Pension and pension loss
Employment law- pensions and pensions loss
What is a pension?
A pension is a source of income a person receives once they have retired from work [2.2 p15]. There are three main pension types:
- State pension – income paid by the state to a citizen, individuals qualify for this by having paid sufficient National Insurance contributions throughout their life;
- Personal pension – individuals pay money into a pension scheme for themselves;
- Occupational pension – sometimes referred to as a workplace pension, a form of deferred pay that an employer provides for their employees.
What is pension loss?
One result of an unlawful dismissal (whether wrongful dismissal, unfair dismissal or a dismissal based on discrimination , may be that you will receive a smaller pension upon retirement than if you hadn’t been dismissed. Employment tribunals aim to rectify this, ensuring you end up in the same financial position had the dismissal not occurred – this is known as the “Gourley” principle.
Tribunals will consider both the potential loss of state pension rights and that of occupational pension rights. Personal pensions, however, are usually independent of employment and therefore tend not to be considered by tribunals. When considering your losses, the tribunal will take into consideration your intended date of retirement – requiring somewhat ambiguous guesswork as to what age, if it wasn’t for the dismissal, the claimant would have retired.
Awards for pension loss, as with other forms of past or future pay, are based on net pay – the remains of the original pay after income tax has been removed.
Why is pension loss a complex issue for Employment Tribunals?
It is often found that, when making a claim, individuals often do not seek compensation for pension loss, even if they may be entitled to it. Frequently, it is those without legal representation who fail to make these claims. However, even when pension loss is raised, it is often done so in vague terms, making it difficult for a tribunal to come to an appropriate decision.
State pension cases
The impact that an unlawful dismissal may have on an individual’s state pension is that it interrupts their National Insurance payment record. The requirements for the New State Pension (introduced April 2016) state that an individual must have paid National Insurance for thirty-five years to qualify for the full pension. In some cases, a dismissal may mean you fail to qualify. In such cases the tribunals must attempt to work out a sum that will cover the losses encountered. This is often a difficult task as requires the tribunals to invoke a lot of guesswork, for example it is impossible to know by how much the New State Pension weekly value will rise each year.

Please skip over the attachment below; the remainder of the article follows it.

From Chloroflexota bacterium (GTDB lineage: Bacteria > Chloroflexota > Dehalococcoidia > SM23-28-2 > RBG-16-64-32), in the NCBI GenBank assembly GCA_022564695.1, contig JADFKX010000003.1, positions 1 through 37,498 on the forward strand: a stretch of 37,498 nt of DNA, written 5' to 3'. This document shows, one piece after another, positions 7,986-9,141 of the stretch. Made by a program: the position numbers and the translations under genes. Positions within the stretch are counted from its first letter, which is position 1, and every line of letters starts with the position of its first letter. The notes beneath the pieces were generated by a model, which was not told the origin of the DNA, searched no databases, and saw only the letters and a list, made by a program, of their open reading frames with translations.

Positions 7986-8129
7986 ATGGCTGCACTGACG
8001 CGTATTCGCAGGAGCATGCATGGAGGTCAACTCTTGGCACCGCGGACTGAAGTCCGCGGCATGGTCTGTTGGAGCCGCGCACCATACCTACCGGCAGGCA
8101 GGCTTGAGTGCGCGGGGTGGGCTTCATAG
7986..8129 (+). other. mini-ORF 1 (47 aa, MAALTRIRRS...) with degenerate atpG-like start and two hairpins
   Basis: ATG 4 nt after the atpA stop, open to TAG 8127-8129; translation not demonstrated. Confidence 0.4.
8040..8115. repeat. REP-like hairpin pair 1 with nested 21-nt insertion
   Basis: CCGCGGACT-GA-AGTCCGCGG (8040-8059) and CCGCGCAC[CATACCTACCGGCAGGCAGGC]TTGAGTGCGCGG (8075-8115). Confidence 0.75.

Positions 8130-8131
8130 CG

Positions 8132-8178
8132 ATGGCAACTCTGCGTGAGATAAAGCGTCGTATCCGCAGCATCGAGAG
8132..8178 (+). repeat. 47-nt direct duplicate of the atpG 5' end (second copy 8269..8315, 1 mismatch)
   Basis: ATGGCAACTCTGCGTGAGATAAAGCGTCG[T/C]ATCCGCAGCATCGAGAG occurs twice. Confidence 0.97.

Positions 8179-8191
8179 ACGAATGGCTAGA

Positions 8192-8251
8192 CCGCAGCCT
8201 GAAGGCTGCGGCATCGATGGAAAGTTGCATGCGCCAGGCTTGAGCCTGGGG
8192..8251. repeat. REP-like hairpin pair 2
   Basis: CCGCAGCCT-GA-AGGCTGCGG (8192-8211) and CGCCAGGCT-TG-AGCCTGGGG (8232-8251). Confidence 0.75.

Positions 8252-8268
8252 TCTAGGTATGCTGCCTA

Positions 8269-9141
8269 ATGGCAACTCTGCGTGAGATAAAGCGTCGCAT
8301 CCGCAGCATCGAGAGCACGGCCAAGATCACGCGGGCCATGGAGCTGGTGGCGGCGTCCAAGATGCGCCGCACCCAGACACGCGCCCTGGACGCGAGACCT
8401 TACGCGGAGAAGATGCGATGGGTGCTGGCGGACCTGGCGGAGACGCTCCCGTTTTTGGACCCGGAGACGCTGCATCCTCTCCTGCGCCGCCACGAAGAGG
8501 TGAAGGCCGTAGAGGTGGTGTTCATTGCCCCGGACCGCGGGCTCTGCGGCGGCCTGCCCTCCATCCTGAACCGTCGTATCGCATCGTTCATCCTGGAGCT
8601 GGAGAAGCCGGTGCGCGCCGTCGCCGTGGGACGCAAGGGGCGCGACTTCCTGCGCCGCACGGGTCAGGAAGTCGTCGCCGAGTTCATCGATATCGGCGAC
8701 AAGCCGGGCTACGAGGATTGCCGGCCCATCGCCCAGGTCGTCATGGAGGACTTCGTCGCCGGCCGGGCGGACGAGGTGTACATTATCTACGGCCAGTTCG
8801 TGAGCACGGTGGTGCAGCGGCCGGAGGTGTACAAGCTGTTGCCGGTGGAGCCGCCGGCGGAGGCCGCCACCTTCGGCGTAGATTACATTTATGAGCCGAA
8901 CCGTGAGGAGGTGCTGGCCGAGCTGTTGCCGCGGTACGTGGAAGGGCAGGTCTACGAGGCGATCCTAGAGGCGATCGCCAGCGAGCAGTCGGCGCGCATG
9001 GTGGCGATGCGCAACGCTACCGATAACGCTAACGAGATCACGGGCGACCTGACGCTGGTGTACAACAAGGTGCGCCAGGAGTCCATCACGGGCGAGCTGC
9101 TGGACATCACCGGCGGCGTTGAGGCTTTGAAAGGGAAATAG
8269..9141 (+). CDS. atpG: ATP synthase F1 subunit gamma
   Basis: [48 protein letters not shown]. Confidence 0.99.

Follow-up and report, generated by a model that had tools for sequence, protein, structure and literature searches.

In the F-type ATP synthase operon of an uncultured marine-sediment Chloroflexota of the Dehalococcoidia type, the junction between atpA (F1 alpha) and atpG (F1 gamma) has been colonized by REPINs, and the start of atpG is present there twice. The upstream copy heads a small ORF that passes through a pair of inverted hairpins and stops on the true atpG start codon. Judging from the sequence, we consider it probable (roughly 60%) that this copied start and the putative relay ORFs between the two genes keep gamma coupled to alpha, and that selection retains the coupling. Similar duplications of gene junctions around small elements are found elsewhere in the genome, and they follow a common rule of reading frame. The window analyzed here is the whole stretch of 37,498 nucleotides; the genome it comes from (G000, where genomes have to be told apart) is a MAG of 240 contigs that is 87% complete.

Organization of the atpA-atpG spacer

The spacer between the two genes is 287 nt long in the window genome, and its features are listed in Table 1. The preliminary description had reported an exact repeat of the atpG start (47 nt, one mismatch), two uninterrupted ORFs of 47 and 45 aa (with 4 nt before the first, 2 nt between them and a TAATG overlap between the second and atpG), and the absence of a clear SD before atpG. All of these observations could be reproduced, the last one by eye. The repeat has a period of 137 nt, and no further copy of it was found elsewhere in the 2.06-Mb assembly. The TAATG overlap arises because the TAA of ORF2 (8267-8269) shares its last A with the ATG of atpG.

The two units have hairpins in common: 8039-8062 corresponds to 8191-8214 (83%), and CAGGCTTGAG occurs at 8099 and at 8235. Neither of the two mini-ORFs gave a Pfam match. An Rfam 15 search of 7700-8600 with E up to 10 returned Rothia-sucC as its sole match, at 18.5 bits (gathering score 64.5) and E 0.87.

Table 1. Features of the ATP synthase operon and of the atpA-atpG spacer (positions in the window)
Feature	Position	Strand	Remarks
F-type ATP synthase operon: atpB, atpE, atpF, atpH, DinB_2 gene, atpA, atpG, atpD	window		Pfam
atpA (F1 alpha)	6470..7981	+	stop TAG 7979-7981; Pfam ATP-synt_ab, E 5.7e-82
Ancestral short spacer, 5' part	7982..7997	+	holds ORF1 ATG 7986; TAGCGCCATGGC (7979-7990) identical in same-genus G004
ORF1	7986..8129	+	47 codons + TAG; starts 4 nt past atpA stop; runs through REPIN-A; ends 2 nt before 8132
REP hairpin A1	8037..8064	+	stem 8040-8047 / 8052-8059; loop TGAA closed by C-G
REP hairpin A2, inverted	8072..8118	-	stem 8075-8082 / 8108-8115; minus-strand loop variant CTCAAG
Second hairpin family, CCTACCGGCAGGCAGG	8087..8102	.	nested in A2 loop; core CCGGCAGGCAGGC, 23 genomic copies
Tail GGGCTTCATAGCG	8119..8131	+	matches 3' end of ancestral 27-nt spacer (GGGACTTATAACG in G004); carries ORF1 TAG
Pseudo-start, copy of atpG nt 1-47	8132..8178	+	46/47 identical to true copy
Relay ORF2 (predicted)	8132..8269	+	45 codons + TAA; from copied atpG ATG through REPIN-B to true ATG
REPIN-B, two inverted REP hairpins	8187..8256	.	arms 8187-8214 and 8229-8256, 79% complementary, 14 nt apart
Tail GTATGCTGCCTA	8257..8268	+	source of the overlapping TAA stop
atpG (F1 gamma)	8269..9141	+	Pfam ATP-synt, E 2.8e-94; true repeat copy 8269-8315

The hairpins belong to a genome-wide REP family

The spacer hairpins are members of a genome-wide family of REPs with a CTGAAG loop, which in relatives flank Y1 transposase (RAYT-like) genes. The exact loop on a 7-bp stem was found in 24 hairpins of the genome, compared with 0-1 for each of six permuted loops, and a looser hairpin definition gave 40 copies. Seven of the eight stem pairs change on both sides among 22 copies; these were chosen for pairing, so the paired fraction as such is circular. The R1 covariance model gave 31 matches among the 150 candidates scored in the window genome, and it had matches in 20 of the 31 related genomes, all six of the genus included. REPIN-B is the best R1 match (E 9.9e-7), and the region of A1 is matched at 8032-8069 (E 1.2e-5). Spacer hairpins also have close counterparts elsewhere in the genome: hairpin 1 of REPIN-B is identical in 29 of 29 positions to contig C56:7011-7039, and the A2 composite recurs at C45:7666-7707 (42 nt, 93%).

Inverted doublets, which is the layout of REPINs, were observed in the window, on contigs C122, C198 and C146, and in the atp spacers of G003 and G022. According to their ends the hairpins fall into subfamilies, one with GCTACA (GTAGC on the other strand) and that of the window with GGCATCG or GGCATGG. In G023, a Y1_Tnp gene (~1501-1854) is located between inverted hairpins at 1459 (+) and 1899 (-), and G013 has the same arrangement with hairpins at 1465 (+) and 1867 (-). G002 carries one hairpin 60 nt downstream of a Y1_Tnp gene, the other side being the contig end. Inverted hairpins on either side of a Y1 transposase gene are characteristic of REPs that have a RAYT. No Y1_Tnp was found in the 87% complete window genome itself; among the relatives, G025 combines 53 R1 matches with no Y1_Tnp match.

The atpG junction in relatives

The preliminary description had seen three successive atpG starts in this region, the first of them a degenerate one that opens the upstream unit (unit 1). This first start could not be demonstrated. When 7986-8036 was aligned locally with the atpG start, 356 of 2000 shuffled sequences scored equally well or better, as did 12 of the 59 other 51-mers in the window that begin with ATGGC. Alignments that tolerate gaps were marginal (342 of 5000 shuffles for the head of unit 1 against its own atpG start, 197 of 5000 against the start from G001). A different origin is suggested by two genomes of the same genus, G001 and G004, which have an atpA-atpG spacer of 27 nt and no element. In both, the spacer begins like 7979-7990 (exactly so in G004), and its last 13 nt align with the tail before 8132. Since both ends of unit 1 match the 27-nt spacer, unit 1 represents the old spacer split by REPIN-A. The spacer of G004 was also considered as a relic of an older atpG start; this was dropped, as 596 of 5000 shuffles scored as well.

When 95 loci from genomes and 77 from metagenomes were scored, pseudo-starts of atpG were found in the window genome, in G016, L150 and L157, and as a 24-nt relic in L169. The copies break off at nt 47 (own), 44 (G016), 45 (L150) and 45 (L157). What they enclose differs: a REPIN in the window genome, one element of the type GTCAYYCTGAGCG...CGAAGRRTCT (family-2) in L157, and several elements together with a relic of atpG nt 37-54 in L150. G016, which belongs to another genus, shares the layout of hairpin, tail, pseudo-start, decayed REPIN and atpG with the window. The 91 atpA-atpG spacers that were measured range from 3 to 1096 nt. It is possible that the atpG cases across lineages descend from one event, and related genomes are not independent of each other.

Occupational pension cases
Occupational pensions can generally be split into two categories:
- Defined Contribution (‘DC’) schemes – the employer and employee both contribute defined amounts to the fund as percentages of salary
- Defined Benefit (‘DB’) schemes – pensions based on your salary and how long you’ve worked for your employer – these are costly for employers and have been scaled back significantly in recent years
A simple occupational pension case for an employment tribunal, whether it be a DC or DB case, generally use the ‘contributions method’. This usually involves the use of an advisory table known as the ‘Ogden tables’ which makes it easier for tribunals to calculate the future pension loss. However, there are some more complex cases, for example if a dismissal results in an individual never working again (known as a career loss case), this may require a more specific method of calculating pension loss].
The Ogden Tables follow a seven-step model by which tribunals can ascertain an appropriate compensatory sum, which are set out below:
1. Identify what the claimant’s pension would have been upon retirement if the dismissal had not occurred.
2. Identify what the claimant’s pension will be as a result of their dismissal.
3. Deduct the result of Step 2 from the result of Step 1 – this sum will be the net annual loss of pension benefits.
4. Identify the time that the net annual lost will affect the claimant, using the Ogden Tables to find the multiplier.
5. Multiply this period by the multiplier found in the Ogden Tables – produces the current value of pension loss.
6. If the claimant has a pension scheme that provided for a separate lump sum, then another calculation is required, however this is rare.
7. Calculate the full compensation award, taking into account any other sums granted by the tribunal.
Although the Ogden Tables are the recommended method for working out pension loss compensation, some parties choose to employ an expert to calculate the losses – which is a much more expensive option.
Although it is recognised that the value found by the Ogden Tables will be imprecise, it is believed (by the guidance published jointly by the President of Employment Tribunals for England and Wales, and the President of Employment Tribunals for Scotland) that the figure will represent a fair assessment of losses.